The annual global death toll from accidents at work far outstrips that accrued in acts of war or terrorism, but the phenomenon struggles to command anything like the prominence of these traditional priorities of international security in global politics. Whilst the 'securitization' of many non-military issues, such as climate change and disease, has come to be accepted in some sections of the academic and 'real' political world, this status has very rarely been granted to workplace accidents. This seems to be because of the perception that a) accidental deaths cannot be equated to deaths inflicted directly by enemies (including non-human ones) and b) protecting workers is a domestic rather than international political concern.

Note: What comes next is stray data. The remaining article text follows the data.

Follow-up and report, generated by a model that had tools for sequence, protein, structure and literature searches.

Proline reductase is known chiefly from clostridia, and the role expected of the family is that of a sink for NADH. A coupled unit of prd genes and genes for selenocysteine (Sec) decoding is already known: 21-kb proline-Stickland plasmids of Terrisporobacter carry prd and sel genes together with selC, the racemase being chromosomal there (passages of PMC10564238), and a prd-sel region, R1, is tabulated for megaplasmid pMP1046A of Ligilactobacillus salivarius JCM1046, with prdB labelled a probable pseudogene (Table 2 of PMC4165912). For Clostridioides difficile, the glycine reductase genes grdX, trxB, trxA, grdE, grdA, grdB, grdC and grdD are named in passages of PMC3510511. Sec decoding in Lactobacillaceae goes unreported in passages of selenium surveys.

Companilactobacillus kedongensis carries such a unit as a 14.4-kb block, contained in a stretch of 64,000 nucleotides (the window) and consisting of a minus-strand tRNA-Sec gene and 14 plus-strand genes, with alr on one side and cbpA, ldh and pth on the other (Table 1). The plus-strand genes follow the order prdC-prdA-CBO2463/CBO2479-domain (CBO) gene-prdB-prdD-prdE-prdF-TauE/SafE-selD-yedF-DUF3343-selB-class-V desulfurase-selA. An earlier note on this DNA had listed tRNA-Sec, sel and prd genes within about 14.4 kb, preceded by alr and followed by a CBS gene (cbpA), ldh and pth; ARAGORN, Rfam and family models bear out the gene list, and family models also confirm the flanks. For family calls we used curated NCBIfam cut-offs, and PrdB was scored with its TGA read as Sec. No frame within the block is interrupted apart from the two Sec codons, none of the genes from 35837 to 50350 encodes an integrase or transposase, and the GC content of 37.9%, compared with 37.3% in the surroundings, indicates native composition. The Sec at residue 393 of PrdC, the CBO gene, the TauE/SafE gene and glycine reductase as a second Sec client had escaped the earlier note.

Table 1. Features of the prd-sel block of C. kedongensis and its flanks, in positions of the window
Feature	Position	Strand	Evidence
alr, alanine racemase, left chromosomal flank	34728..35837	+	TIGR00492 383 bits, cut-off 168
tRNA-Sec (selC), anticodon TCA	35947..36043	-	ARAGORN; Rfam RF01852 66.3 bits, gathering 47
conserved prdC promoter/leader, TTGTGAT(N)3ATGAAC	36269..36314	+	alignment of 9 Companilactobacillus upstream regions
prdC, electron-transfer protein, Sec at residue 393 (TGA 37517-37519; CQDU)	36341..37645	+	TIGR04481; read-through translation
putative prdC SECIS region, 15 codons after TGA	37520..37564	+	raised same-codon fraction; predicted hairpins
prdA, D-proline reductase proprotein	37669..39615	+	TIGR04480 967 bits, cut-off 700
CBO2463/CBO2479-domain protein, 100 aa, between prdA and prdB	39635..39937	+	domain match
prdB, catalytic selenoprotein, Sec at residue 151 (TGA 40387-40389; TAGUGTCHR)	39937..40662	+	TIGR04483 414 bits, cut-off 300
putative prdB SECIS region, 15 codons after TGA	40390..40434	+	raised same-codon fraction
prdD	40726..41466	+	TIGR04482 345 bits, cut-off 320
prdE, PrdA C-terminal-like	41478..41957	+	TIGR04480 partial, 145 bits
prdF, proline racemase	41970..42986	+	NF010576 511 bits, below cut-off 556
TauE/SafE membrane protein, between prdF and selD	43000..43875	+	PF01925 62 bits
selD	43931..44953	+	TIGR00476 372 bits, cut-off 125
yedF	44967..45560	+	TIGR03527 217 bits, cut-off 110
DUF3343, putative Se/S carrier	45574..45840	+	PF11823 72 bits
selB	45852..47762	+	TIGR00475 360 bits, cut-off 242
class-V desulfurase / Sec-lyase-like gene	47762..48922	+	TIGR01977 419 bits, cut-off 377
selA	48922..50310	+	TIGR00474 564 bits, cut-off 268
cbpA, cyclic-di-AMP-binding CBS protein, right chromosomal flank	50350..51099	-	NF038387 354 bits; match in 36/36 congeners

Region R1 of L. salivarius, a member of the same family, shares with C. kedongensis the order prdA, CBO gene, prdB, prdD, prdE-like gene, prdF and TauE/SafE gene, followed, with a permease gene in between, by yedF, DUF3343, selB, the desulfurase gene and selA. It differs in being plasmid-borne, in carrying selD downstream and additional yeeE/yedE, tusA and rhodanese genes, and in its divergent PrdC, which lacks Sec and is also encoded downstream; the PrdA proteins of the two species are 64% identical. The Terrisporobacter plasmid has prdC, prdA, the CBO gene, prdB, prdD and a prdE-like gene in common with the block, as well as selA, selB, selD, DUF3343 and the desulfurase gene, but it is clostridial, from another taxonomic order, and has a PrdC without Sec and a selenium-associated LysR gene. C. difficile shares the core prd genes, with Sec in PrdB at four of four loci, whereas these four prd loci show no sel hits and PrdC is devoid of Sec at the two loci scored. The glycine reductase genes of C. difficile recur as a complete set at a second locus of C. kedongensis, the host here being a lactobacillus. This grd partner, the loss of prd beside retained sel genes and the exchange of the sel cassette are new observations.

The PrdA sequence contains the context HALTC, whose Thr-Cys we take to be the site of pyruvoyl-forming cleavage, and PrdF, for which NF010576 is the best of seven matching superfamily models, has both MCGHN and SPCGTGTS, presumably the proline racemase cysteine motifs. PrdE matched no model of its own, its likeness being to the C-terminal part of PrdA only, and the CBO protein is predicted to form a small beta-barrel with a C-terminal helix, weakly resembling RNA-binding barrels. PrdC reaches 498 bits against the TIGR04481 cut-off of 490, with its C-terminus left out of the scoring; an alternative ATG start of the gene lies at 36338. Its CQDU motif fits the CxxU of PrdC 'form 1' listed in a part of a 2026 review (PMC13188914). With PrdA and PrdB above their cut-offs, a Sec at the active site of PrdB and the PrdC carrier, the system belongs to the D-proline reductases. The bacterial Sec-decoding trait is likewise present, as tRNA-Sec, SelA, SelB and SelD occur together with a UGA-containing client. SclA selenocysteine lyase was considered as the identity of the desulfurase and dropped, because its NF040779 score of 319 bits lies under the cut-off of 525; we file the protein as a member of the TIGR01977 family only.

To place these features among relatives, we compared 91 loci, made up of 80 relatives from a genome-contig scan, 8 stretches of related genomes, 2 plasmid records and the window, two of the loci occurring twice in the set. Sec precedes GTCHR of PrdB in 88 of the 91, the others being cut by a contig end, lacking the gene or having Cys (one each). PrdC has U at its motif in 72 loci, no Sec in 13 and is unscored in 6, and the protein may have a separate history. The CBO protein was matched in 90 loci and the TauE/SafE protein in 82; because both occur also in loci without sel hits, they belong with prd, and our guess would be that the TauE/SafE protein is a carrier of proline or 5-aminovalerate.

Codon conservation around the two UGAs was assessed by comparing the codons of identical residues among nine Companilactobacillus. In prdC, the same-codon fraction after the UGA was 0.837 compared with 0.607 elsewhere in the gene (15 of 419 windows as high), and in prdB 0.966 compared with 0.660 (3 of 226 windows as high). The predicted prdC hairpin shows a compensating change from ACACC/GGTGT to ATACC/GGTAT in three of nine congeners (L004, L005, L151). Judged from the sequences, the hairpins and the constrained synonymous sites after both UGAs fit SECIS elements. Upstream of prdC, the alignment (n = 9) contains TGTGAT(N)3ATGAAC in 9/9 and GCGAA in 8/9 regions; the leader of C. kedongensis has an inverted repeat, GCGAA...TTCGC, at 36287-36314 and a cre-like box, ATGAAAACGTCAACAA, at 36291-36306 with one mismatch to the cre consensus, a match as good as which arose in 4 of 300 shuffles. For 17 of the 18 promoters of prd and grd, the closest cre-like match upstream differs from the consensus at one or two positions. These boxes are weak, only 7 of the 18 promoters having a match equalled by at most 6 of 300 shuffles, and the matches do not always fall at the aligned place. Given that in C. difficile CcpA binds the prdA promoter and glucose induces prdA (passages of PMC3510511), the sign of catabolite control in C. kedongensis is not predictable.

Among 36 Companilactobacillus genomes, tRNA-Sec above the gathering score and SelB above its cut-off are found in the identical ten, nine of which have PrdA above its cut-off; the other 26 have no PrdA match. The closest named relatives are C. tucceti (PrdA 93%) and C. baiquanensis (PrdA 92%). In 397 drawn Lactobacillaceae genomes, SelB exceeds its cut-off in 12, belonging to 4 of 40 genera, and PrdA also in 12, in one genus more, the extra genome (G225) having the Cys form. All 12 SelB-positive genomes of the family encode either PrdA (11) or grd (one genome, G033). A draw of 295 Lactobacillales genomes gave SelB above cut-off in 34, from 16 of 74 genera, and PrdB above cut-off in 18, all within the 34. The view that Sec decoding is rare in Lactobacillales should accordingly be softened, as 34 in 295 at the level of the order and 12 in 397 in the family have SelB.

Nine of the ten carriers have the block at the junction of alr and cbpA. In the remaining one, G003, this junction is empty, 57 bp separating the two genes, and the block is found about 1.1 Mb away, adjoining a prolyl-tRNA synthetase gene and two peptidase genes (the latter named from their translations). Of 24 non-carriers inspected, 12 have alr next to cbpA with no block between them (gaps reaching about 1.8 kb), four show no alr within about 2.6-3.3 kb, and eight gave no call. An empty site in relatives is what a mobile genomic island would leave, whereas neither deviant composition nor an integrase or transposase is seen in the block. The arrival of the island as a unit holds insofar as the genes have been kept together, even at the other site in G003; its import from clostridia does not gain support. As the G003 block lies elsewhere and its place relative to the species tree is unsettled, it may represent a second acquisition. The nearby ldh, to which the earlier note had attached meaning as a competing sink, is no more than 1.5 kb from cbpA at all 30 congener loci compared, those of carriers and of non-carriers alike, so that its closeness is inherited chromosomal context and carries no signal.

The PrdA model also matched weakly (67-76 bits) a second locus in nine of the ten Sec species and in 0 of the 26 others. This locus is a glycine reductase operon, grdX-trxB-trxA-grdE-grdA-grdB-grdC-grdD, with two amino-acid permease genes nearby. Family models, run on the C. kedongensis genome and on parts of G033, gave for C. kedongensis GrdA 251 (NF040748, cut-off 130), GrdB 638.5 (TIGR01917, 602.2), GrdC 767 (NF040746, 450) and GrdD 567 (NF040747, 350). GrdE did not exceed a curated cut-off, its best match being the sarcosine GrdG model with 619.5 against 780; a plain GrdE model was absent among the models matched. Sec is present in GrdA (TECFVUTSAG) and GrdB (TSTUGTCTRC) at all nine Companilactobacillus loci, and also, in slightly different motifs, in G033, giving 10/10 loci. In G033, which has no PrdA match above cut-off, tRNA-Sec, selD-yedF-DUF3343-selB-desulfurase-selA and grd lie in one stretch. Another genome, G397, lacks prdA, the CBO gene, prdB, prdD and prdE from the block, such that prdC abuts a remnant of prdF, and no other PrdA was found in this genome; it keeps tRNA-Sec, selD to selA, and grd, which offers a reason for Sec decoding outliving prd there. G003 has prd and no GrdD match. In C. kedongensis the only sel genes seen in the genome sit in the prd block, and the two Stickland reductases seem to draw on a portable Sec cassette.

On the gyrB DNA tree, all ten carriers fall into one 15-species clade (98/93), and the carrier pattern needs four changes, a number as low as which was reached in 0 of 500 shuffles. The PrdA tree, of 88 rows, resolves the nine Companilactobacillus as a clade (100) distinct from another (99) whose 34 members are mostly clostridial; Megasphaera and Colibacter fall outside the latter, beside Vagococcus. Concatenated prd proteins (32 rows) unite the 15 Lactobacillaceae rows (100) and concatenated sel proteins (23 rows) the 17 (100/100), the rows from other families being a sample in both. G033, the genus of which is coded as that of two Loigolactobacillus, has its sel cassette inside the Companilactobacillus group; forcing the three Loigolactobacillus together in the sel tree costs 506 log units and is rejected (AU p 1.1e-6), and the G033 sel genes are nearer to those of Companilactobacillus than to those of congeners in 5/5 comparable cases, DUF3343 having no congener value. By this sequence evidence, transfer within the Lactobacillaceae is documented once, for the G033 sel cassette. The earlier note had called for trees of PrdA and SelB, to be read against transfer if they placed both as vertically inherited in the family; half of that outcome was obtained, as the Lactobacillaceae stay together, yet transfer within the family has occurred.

Protecting people against such accidents, though, is a legal and political task which has been accepted by industrialized governments from as far back as the late nineteenth century when 'social security' policies began to evolve in response to changing economic and social conditions. Equally, incidents of workers in Less Developed Countries being killed are no longer unfortunate problems unconnected with the relatively safe lives of people in the global North since developed world consumers are functionally connected to these systemic failures as never before. This paper therefore presents the case for the international community to adopt a human security approach which allows for worker safety to be given the international political priority it deserves.Business Law Review